and conveyed $2,000 in gold to Governor Clinton, a simple receipt being given. In this manner, before 1782, large sums had been loaned to the State. In 1780, Major H. Wyckoff was hid for two days in the upper room of Rem A. Remsen's house, in the Wallabout, while the lieutenant of the guard of the “Old Jersey” British prison-ship was quartered in the house. Remsen loaned him as much as he could carry, and conveyed him in a sleigh, at night, to Cow Neck, from whence he crossed to Poughkeepsie.1

The patriotism of many of New York’s bravest soldiers was poorly rewarded by the passage of a legislative act, May 6th, 1784, levying a tax of 100,000 upon the Southern District of the State. This odious and well-named “partial” tax, or a moiety of it, could be paid in State scrip, which the soldier had received for his services, and had sold to speculators for from two to six pence per pound. The scrip, it is almost needless to say, immediately rose to the value of ten shillings on the pound, leaving a very handsome profit to the speculators, who had invested it largely in the purchase of confiscated estates.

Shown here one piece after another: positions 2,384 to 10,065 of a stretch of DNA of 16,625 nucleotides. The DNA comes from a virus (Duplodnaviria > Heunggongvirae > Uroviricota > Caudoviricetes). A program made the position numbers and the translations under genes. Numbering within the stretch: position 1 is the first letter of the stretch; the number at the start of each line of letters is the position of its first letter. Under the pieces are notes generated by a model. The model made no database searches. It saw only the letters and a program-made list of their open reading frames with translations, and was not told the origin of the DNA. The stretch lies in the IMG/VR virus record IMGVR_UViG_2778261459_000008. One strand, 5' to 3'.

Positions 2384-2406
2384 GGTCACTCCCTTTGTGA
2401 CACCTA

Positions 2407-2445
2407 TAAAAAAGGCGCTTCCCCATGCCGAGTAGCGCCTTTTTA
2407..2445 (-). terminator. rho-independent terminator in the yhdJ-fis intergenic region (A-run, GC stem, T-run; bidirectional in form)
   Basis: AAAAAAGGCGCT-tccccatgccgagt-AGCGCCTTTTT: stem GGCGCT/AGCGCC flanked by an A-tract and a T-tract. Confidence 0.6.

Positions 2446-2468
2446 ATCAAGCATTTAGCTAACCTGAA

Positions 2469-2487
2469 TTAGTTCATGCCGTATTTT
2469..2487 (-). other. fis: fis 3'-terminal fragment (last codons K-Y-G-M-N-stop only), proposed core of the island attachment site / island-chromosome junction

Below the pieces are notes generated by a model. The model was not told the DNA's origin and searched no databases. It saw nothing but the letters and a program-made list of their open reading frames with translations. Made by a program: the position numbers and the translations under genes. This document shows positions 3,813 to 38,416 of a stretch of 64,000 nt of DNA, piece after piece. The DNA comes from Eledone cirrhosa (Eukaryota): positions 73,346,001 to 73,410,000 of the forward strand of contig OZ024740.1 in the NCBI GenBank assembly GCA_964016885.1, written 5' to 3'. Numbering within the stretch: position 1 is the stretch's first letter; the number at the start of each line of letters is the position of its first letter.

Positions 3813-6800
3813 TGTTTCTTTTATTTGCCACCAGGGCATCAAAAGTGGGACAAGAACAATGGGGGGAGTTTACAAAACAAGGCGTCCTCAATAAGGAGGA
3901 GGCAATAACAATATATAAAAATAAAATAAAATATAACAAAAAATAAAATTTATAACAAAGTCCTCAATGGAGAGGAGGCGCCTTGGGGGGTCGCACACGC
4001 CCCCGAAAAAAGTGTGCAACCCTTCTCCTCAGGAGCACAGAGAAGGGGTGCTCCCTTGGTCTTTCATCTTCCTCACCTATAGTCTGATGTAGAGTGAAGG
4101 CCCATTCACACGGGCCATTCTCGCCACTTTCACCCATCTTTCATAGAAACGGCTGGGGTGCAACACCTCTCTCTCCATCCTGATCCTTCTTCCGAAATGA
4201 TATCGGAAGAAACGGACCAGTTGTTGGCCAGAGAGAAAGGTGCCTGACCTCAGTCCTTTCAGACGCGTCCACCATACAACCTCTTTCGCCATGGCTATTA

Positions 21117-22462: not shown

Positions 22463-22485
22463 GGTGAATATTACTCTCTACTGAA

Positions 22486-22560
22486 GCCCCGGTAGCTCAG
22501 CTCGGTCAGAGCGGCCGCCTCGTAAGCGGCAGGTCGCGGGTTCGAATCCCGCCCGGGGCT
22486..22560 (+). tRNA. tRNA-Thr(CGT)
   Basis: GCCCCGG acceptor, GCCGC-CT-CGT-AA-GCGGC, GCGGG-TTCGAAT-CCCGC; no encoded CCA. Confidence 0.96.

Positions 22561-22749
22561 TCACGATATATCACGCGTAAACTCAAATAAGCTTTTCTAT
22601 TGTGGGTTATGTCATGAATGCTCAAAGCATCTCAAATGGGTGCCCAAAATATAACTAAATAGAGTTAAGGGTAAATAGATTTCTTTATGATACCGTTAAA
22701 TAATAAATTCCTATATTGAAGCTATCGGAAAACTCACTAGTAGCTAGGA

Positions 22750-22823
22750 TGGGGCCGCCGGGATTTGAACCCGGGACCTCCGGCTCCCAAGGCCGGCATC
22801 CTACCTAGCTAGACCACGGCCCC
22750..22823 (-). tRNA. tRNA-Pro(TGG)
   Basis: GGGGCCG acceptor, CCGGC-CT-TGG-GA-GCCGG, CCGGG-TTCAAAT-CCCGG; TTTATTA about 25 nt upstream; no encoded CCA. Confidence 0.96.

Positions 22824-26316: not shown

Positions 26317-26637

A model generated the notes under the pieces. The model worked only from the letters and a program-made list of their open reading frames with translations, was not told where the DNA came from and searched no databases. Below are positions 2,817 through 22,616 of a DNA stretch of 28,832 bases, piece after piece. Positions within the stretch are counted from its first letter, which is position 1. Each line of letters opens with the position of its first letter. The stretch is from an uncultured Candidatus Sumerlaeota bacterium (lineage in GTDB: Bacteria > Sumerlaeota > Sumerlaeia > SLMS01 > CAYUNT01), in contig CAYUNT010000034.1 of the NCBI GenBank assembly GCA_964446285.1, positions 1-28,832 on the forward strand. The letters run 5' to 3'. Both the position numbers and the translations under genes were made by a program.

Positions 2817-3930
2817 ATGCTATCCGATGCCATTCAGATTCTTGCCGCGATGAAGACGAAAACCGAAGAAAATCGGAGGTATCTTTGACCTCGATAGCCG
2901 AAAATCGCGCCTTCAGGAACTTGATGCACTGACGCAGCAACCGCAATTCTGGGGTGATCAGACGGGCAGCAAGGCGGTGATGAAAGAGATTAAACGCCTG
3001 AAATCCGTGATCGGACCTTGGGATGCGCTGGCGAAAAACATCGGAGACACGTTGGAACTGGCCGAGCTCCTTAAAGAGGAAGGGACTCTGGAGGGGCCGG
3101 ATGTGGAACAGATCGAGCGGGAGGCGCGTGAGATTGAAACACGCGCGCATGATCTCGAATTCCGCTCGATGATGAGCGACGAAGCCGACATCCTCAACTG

The Battle of Brooklyn, in August, and the capture of Fort Washington, in November, 1776, placed in possession of the British nearly four thousand prisoners; and this number was increased, by the

1 See General Johnson’s MSS., and Onderdonk’s Queens County, p. 316.

* In the preparation of this chapter, we have drawn freely upon the narratives of Captain Thomas DringR (Of which two editions were published, in 1829 and ’31, and a privately printed edition, with annotations, by H. B. Dawson, in 1865); of the Rev. Thomas Andros, published in 1883; of Captain Alexander Coffin, jr., in his letter to Dr. Samuel Mitchell, in Hist. Account of Am. Martyrs, published in 1808; The Adventures of Christopher Hawkins, privately printed, with copious notes, by Charles I. Bushnell, Esq., in 1864; the Reminiscences, in print and MS., of General Jeremiah Johnson, of Brooklyn; and the incidental descriptions in Memoirs of Rev. Andrew Sherburne, of Ebenszer Fox, Com. Silas Talbot, etc., all of which have become Beam books, and, to some extent, inaccessible to the general reader